The survey suggests that “Lehman” will easily win – the majority of voters believe it to be the best play of the season, and those who don’t support it are dividing their votes between the four contenders. remaining members, making any other outcome inevitable.

A majority of voters also backed one of “Lehman’s” stars, the great British actor Simon Russell Beale, in an unusual seven-nomination race for best actor in a play. Beale’s career is primarily devoted to the British stage, and this will be his first Tony award.

Why did “Lehman” win? The show, with a carnal theme that both explains and tacitly critiques New York City’s all-important financial industry, introduced three main actors, each playing multiple roles, and it a gallery, designed by Es Devlin, containing the action inside rotating glass box.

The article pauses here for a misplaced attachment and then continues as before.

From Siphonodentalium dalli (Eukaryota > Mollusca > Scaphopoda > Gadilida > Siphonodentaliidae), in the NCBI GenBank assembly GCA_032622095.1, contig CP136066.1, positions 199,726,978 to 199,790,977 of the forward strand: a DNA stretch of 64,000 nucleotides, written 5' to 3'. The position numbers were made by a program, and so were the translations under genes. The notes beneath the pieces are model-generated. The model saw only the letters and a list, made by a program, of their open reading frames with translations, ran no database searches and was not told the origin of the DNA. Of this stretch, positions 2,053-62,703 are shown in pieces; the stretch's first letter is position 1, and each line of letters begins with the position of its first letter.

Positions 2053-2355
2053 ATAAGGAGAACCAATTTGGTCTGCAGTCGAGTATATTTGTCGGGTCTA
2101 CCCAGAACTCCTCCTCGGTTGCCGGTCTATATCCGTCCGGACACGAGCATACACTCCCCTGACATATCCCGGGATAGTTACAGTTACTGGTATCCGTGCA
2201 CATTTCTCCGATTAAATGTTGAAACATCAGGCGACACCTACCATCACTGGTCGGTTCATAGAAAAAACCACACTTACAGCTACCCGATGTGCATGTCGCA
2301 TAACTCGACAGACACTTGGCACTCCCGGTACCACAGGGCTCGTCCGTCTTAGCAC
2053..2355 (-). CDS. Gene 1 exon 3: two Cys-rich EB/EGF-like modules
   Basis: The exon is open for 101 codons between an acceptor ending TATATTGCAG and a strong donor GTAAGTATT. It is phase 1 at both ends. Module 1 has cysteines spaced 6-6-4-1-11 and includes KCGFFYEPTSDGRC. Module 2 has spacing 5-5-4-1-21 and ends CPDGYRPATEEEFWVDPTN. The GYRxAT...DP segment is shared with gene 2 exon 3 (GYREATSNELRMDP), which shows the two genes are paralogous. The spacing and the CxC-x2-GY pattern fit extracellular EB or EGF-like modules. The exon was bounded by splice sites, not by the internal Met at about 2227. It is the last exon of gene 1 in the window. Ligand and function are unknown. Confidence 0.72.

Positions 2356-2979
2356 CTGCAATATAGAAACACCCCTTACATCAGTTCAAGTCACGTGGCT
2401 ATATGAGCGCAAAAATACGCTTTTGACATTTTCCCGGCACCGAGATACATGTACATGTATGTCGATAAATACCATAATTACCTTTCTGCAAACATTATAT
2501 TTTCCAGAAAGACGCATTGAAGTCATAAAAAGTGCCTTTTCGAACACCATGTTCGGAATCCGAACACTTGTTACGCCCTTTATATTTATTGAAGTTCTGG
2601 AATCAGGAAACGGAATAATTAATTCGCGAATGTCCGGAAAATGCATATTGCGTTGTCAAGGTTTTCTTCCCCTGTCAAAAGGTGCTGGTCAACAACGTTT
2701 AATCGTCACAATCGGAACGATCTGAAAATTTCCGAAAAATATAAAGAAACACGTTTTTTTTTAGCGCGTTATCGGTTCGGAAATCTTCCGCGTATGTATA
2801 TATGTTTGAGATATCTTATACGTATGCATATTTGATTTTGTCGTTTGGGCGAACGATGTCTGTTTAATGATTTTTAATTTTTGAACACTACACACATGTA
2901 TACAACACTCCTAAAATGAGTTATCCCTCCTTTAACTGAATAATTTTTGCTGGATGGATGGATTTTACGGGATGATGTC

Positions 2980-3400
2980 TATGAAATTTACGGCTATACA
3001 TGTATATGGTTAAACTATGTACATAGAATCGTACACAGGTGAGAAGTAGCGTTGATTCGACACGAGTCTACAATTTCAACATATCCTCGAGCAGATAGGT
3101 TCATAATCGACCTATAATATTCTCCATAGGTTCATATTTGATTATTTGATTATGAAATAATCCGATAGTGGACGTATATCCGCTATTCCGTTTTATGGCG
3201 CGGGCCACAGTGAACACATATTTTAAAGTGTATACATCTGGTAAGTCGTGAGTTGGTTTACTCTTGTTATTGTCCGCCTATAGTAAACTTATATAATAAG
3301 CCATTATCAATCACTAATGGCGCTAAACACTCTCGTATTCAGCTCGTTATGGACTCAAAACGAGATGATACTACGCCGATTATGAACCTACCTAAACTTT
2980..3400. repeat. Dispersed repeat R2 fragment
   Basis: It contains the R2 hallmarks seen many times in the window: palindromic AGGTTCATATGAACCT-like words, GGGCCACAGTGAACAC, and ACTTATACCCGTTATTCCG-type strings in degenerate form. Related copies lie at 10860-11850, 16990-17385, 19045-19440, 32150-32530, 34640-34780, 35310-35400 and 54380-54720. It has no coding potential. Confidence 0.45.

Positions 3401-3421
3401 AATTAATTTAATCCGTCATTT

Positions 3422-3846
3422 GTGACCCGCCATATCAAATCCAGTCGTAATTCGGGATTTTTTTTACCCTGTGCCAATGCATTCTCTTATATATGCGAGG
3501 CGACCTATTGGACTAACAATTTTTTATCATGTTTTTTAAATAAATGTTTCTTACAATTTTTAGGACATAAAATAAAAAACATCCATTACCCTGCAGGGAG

Directed by Sam Mendes, the film arrived on Broadway with a lot of buzz. After a European production, it was held on Off Broadway, at Park Avenue Armoryin 2019 and that production was the talk of the town, becoming a best-selling product for the nonprofit, with some seats going to several thousand dollars.

The road to Broadway is bumpy: “The Lehman trilogy” begins pre-screening at the Nederlander Theater less than a week before theaters close in March 2020; It then went on to preview 18 months later and finally opened last October. The film sold well, especially since it largely overlapped with the pandemic related to the Omicron variant, and it ended January 2 before production moved to Los Angeles for a while. another short time.

The play faces some criticism from those who felt that it affected the relationship between the early Lehmans’ business practices and slavery; the production process sharpens its references to the race through script modification performed during theater closures.